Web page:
Rapid urbanization and related investments mean that cities can turn the need to reduce CO2 emissions into a driver for smart and carbon lean development. The 21st century infrastructure that ICT has created opens up opportunities for investments in smart solutions that can deliver basic services, such as transport, heating, cooling and lighting in resource efficient ways that contribute to sustainable development for the world's population.

Intelligent transport and communication systems are an example of how emissions can be reduced through a linked network of people, roads and vehicles, which support teleworking, dematerialization and, communicate road descriptions, guides and traffic information. Research conducted by Ericsson shows that introducing telemedicine applications can reduce travel for hospital consultations by up to 50 percent. Ericsson's Smart Grid solutions help utilities and households to better regulate energy use, and Ericson's Connected Home allows for monitoring and automating energy consumption, lighting and surveillance.

This partnership builds on seven years of interaction between WWF Sweden and Ericsson. Over the next six months, the partnership will focus on intensified effort to get ICT on the global policy agenda for the upcoming climate negotiations in Copenhagen later this year.

Notes to editors:
Background information on energy efficient solutions:
Ericsson's multimedia content is available at the broadcast room:

Ericsson is the world's leading provider of technology and services to telecom operators. The market leader in 2G and 3G mobile technologies, Ericsson supplies communications services and manages networks that serve more than 250 million subscribers. The company's portfolio comprises mobile and fixed network infrastructure, and broadband and multimedia solutions for operators, enterprises and developers. The Sony Ericsson joint venture provides consumers with feature-rich personal mobile devices.

Ericsson is advancing its vision of 'communication for all' through innovation, technology, and sustainable business solutions. Working in 175 countries, more than 70,000 employees generated revenue of USD 27 billion (SEK 209 billion) in 2008. Founded in 1876 and headquartered in Stockholm, Sweden, Ericsson is listed on OMX Nordic Exchange Stockholm and NASDAQ.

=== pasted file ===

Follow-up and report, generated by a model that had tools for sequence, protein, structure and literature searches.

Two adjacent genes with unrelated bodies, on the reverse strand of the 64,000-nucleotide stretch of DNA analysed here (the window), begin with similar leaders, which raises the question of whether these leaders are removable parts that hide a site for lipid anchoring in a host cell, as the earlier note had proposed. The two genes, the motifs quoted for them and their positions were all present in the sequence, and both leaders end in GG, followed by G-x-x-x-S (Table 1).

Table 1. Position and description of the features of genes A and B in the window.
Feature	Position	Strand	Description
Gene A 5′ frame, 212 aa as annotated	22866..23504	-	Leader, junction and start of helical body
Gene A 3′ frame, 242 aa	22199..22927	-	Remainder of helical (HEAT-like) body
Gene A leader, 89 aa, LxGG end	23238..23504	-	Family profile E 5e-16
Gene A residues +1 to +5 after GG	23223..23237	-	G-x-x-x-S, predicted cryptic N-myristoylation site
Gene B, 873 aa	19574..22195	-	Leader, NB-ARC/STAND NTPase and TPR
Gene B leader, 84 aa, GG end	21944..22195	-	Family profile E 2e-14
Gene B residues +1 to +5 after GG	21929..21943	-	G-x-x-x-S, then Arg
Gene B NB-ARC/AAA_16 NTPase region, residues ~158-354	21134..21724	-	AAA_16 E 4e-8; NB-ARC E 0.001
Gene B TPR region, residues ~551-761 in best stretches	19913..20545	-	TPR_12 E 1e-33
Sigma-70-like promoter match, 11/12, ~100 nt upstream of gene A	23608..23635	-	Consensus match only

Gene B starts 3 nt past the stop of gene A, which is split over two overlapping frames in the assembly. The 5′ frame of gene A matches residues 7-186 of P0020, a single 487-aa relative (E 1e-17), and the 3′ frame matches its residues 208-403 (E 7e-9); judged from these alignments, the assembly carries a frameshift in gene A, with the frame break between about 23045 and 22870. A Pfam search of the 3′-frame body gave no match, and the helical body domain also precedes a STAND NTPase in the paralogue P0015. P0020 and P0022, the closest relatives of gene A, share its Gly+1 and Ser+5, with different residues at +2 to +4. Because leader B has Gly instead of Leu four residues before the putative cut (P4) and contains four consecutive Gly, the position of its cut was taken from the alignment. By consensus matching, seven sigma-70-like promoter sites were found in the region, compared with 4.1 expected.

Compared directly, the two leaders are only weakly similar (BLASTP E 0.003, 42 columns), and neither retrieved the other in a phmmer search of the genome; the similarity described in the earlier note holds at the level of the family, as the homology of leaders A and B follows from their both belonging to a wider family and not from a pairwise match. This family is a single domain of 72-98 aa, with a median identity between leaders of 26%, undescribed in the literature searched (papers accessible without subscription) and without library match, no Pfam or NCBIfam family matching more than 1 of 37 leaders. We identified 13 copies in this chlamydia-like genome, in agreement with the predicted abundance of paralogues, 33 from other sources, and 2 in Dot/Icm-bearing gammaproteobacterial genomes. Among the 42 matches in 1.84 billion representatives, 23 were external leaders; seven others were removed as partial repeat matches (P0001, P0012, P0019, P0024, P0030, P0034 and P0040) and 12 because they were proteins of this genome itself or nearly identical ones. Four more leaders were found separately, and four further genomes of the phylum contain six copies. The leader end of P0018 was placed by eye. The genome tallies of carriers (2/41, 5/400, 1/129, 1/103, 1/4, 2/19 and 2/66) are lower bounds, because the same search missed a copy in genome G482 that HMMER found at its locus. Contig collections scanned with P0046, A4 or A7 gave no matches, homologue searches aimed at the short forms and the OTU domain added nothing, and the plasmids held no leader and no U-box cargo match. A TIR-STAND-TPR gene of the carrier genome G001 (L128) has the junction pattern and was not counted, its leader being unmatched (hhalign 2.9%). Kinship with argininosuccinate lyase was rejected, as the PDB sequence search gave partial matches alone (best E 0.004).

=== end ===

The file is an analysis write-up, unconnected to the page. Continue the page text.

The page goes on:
For more information, visit or


Ericsson Corporate Public & Media Relations
Phone: +46 10 719 69 92

WWF Sweden
Barbara Evaeus, Manager Climate Communications
Phone: +46 70 393 9030

About WWF Sweden

WWF Sweden a national office for one of the world's largest and most respected independent conservation organizations, with almost 5 million supporters and a global network active in over 100 countries. WWF's mission is to stop the degradation of the earth's natural environment and to build a future in which humans live in harmony with nature, by conserving the world's biological diversity, ensuring that the use of renewable natural resources is sustainable, and promoting the reduction of pollution and wasteful consumption.
More about WWFs work with ICT:

Tuesday, 5 May 2009

Op-ed China Daily: China, US can use differences to support innovative solutions

This is an op-ed from today’s China Daily that i wrote with Stefan Henningsson and input from WWF US and WWF China. It is shorter than the original version. These complex issues are difficult to capture in just a few paragraphs.

China, US can use differences to support innovative solutions
(China Daily)
Updated: 2009-05-04 07:46

The difference between emissions in China and the US is much greater than most people realize and requires very different strategies.

Scientific principles and the ability to differentiate between bad and good emissions could help deliver a climate deal that is ambitious enough to avoid dangerous climate change and support innovation, but is equitable, argues Dennis Pamlin a global policy advisor for World Wildlife Fund (WWF).

China and the US are the two largest emitters and users of coal power in the world today and are seen by many as the most important countries for a climate agreement, but from a climate perspective it is important to remember that there are probably more differences than similarities between the two countries.

Per capita emissions
China's population is for example four times larger so per capita emissions are just a quarter of the emissions in the US. This makes China's emissions effectively lesser, when compared to the US.

Let's start with the commitment to action against climate change in the last decade.

For those of us who were in Kyoto in 1997 for the climate negotiations, it was interesting to see that the US delegation did not play a very constructive role there and contributed to many of the loopholes that the world still struggles with. When George W. Bush became president in 2001, one of his first acts after taking office was to declare that he would not seek Senate ratification of the Kyoto Protocol. In contrast, China formally signed the Kyoto protocol in 2002 and has since implemented many policies; some of these are among the most ambitious on the planet, to increase energy efficiency and use of renewable energy.

Today, as it stands, the US has lost a decade and developed a history of undermining global negotiations, but with the speed at which Obama is working could be made up for quite fast. America can begin by demonstrating its commitment to an energy plan based on sound science, a plan that puts the US on the path toward more vigorous cuts in pollution over the next decade, and a plan that ramps up investment in technologies needed to get there.